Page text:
Yupo Ma, MD, PhD

Yupo Ma, MD, PhD
Medical Director of Flow Cytometry Lab
Scientific Director of Stem Cell Core
Program Director for Hematopathology Fellowship

Basic Sciences Tower, Level 9
Stony Brook Medicine
Stony Brook, NY 11794-8691

Phone: (631) 444-3000
Fax: (631) 444-3424
Email: Yupo.Ma@stonybrookmedicine.edu

Dr. Ma earned his Medical Degree from Jinan University (P.R. China), College of Medicine and a Ph.D. from the University of South Alabama College of Medicine. He completed a residency in Pathology at Brown University, clinical fellowship in Hematopathology at M.D. Anderson Cancer Center and has conducted Post Doctoral Training in Pathology at Harvard Medical School.  Dr. Ma joins the Department as a hematopathologist and serves as Professor of Pathology and Medical Director of the Flow Cytometry Laboratory.  Formerly, he was Chief of Hematopathology, Head of the Stem Cell Program, and Director of the Flow Cytometry Laboratory at Nevada Cancer Institute.

Research Interests:

1. Leukemic stem cells.
We focus on the role of SALL4 in pluripotent progenitor cells and leukemic progenitor cells. The SALL gene family is the mammalian homologue of Drosophila gene Spalt (sal).  In Drosophila, sal mutation can lead to the incomplete separation of the head and trunk of the fly. In the human, heterogeneous mutation of SALL1 causes Townes-Brock Syndrome with renal, cardiac, genital malformation.  Heterogeneous mutation of SALL4 in humans is associated with Okihiro Syndrome with limitation of eye abduction, deafness, and digit malformation.

Recent works has suggested that SALL4 plays important roles during development.  SALL4 plays an important role in the maintenance of pluripotent properties and self renewal during mammalian development.  Consistently, SALL4 is able to bind to both OCT4 and NANOG.  Loss of SALL4 expression results in cellular differentiation.

We have demonstrated that SALL4 is constitutively expressed in acute myeloid leukemias (AML) and fails to turn off in nearly all human AMLs.  A fundamental unanswered question: is constitutive expression of SALL4 sufficient to induce AML?  In addition, what mechanisms of SALL4 induce AML?  How does SALL4 promoter leukemic progenitor cell self renewal?  We have chosen a mammalian model system to approach these questions.  This should allow us to test directly leukemogenic potential of constitutive expression of SALL4 in .  A mammalian model overexpressing SALL4 develops hematopoietic disorders including myelodysplastic-like symptoms and subsequently acute myeloid leukemia.  The constitutive expression of SALL4 is causal to the leukemic phenotype and SALL4 may interact with the Wnt/β-catenin pathway in the leukemogenesis.  Our mammalian models should provide a useful platform to analyze the effect of SALL4 on hematopoiesis and its potential cooperation with Wnt/β-catenin pathway in the pathogenesis of leukemia progenitor cells.  Leukemic progenitor cells are aberrant cells that maintain and propagate blood cancers.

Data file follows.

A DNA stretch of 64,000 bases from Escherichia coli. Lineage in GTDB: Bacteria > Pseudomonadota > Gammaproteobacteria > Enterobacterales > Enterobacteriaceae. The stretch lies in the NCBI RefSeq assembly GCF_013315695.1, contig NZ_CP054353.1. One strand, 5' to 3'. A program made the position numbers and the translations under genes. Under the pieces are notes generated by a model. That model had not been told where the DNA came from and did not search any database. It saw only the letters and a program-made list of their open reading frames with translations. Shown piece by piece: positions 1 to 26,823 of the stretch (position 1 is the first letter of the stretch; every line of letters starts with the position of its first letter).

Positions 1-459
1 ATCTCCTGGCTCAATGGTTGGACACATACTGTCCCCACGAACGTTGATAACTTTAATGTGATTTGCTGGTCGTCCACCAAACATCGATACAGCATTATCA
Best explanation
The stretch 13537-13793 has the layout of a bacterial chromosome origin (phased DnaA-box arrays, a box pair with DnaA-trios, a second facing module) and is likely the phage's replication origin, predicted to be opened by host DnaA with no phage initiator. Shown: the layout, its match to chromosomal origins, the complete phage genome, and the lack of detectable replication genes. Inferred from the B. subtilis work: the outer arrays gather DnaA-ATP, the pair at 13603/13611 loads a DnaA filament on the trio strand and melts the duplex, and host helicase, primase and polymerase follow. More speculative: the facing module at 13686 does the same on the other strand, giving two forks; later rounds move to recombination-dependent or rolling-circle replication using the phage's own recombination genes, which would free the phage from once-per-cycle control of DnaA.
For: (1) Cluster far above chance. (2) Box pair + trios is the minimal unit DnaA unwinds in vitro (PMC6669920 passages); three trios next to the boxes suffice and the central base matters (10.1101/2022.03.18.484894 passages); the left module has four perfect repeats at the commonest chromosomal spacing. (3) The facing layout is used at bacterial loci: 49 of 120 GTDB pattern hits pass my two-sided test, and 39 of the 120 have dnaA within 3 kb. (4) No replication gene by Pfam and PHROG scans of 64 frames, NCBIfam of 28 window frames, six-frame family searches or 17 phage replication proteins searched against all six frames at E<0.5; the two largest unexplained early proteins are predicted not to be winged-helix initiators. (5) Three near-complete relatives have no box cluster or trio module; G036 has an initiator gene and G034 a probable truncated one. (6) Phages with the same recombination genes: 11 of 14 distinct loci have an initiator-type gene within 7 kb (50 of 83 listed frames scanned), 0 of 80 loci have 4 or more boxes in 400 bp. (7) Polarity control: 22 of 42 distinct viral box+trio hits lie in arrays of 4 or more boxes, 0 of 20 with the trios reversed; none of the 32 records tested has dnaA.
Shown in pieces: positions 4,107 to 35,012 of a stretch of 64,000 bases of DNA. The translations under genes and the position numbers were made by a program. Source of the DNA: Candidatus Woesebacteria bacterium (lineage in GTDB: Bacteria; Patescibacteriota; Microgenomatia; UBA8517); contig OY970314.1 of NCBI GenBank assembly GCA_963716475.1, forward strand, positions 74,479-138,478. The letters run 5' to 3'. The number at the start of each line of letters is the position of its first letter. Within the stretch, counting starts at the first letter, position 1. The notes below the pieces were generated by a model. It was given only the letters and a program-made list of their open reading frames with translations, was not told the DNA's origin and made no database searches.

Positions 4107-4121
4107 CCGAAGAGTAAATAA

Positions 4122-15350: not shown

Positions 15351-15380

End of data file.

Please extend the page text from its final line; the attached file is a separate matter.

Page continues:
A parallel project involves an investigation of the SALL4 function in development and hematopoiesis.  We are creating a loss of function model for SALL4 using conventional and conditional knockout approaches. In characterizing the phenotype of SALL4 deficient models, we are focusing on the role of SALL4 in regulating hematopoiesis and hematopoietic progenitor cell function. 

2. Stem cell therapy and tissue repair.
Our recent studies are also focused on a stem cell therapy by using adult somatic cells and turning back the development of these cells so they act like embryonic cells. This process, called retrodifferentiation, produces pluripotent stem cells. These induced pluripotent stem cells (iPS cells) in combination with growth factors can then be redifferentiated into cells which may be used to treatment specific diseases. In this case, the iPS derived cells function in the animal to synthesize a protein (clotting factor that has shown it can reverse excessive bleeding, which may eventually be useful for treating hemophilia patients. Our lab is the first to document the ability to “cure” mice with Hemophilia A by a single injection of endothelial cell precursors derived from iPS cells.  Using similar strategies, our lab has generated a variety of differentiated cell types including hematopoietic cells, liver hepatocytes, pancreatic islet cells,  heart cells, lung cells, and various neuronal cell types.  These will be tested in various therapeutic model systems in the near future.

Peer Reviewed Publications: